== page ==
Don't let fraud reports discourage your vote

Linn County Auditor Joel Miller talks to voters as they stand in line to cast their ballot in during a 2013 special election in Cedar Rapids, Iowa.  (Jim Slosiarek/The Gazette)
Linn County Auditor Joel Miller talks to voters as they stand in line to cast their ballot in during a 2013 special election in Cedar Rapids, Iowa. (Jim Slosiarek/The Gazette)

Five suspected double-voters; seven felons who probably should not have voted; and 50 Election Day registrations with phony addresses in last November’s general election. I get it. Why should you bother to vote in future elections in the wake of these voter fraud reports in Linn County?

For starters, no one has been charged with any crimes. No one has been convicted. These numbers reflect the voters that I think violated the law. Will the FBI investigate? Will prosecutors charge anyone with a crime? I did my part by informing you and the FBI.

I want you to know that I am serious about maintaining the integrity of our elections and conducting fair elections. My staff, your precinct election officials, and I have zero tolerance for voter fraud.

Even if all 62 of the preceding were convicted of voter fraud, they would constitute 0.052 percent of the voters who voted in November. I concede it is not zero, and it probably never will be zero, but it is an indication that our office is being vigilant, open, and honest about elections in our county.

You might wonder whether the new voter ID law signed by former Gov. Terry Branstad would have prevented these violations. Nope. All of the violators were properly registered before the election or they registered to vote on Election Day. They all had IDs. They will not be difficult to find if the FBI decides to look for them.

So will you notice anything different at the polls at the upcoming Aug. 1 Linn County special election? Yes. You might notice a laptop at our solutions tables. We will use these to confirm that you are not on the felon list if you are registering to vote in Linn County for the first time. I spent about $30,000 of your money on laptops to reduce the number of provisional ballots that would be required if we could not check the felon list during elections.

Hopefully, I have convinced you that your vote will not be stolen and voter fraud, while not nonexistent, has not undermined the integrity of our elections. If I have convinced you, then you should vote in the upcoming Aug. 1 election and other elections.


Why should you vote on Aug. 1? For decades, Linn County elected three supervisors at-large, which was named Plan 1 in 1971. In 2008, voters elected supervisors by district. Those candidates for supervisor had to live in the same district as the voters (Plan 3). One downside: Voters only voted for one candidate and not all supervisors.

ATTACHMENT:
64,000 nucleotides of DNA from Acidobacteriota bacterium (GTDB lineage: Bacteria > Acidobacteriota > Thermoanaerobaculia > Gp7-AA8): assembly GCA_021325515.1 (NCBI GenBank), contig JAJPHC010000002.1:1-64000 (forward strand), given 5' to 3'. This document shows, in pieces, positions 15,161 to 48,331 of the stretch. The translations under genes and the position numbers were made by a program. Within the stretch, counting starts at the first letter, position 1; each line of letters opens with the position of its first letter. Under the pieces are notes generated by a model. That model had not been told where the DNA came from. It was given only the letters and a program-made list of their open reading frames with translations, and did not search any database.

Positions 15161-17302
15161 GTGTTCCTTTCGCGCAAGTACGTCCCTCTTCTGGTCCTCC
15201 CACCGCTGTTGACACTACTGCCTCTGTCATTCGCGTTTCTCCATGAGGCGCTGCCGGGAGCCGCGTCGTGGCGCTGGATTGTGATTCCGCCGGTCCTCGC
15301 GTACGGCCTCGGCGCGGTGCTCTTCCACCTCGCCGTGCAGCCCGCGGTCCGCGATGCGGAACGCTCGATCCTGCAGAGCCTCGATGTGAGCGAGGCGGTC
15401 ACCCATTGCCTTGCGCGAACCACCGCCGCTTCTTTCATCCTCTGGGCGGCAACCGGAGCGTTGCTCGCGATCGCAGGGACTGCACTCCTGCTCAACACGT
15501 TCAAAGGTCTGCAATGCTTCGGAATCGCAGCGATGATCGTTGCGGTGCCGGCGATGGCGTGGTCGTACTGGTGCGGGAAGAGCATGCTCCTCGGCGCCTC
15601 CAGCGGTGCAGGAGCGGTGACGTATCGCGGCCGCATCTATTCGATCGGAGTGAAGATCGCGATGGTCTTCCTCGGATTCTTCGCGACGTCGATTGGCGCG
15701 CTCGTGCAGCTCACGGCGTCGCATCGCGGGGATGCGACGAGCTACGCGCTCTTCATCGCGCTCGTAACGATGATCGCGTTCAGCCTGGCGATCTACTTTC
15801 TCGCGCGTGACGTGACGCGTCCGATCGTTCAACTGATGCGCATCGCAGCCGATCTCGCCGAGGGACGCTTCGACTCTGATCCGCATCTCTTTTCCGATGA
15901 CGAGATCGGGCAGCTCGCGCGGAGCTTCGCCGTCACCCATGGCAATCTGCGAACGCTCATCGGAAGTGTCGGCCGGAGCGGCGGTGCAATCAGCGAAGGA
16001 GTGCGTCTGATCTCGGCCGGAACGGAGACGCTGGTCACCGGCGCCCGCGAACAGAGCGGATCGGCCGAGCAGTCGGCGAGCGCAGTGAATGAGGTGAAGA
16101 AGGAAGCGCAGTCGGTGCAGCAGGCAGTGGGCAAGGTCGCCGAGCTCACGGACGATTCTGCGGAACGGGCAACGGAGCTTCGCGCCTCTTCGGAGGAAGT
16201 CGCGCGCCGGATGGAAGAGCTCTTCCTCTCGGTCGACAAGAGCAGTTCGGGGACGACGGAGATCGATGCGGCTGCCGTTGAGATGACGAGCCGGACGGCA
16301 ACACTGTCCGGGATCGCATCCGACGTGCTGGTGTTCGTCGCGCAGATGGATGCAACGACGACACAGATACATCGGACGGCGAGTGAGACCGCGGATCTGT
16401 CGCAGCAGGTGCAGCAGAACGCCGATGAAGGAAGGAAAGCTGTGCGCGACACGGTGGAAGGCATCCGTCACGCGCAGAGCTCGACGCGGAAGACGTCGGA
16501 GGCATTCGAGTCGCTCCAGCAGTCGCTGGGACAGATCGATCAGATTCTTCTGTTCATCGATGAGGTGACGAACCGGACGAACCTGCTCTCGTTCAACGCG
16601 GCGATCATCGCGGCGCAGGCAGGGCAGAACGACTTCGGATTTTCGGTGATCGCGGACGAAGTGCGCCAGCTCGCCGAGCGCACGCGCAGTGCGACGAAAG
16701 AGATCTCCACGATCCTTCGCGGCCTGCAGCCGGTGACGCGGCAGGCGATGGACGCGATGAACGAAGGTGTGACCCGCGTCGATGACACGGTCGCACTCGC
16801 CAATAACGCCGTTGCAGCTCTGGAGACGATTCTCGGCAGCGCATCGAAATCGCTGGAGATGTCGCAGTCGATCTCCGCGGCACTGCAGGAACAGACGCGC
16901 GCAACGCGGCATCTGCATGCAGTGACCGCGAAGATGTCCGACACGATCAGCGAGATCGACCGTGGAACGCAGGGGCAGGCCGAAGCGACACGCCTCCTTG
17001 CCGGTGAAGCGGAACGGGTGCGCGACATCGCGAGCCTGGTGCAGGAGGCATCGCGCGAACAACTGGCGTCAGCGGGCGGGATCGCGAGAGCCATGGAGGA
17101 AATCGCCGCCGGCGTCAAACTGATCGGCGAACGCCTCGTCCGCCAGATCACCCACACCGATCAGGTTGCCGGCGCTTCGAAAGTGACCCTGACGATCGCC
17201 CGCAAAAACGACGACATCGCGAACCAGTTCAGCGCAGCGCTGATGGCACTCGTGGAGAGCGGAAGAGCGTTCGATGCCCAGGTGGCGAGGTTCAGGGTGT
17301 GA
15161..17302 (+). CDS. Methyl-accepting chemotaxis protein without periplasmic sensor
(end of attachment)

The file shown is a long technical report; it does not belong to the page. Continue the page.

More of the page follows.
The last time we picked a plan, 97.68 percent of the voters chose a plan that divided the county into supervisor districts, i.e., Plans 2 or 3. The voters who voted wanted supervisor districts.

What do I think you should consider when voting on Aug. 1? Do you want to return to the plan we used for decades? If yes, vote Plan 1. Do you like districts? If yes, vote for Plan 2 or 3. Do you want to vote for one supervisor candidate nominated from your district? If yes, vote Plan 3.

In my opinion, Plan 3 — our current plan — allows the current county supervisors to become very focused on one-fifth of the county’s residents, i.e., their district. If your supervisor is a great advocate, he/she may be able to steer more than 20 percent of the county’s discretionary funds to your district. By the same token, a less aggressive supervisor might not steer as much toward his/her district or that supervisor may be taking a larger view of the county and the best overall use of county funds.

Anecdotally, a number of voters have told me that they want to be able to vote on each district’s candidates — not just the ones nominated from their district. The only plan that allows you to vote on all of the supervisors and ensures some geographic separation between supervisors is Plan 2 — the only plan we have not tried.

And finally, who do you call when you have a complaint about the county? Your district supervisor? Or all the county supervisors? And if you are dissatisfied with one or more supervisors, how will you vote? Under Plan 3, you can only vote for/against one candidate for supervisor. Under Plan 1 or 2, you will be able to vote for all of the supervisors. You have a very important choice to make on Aug. 1. Please choose wisely. Vote for Plan 1, 2, or 3.

l Joel Miller serves as Linn County auditor



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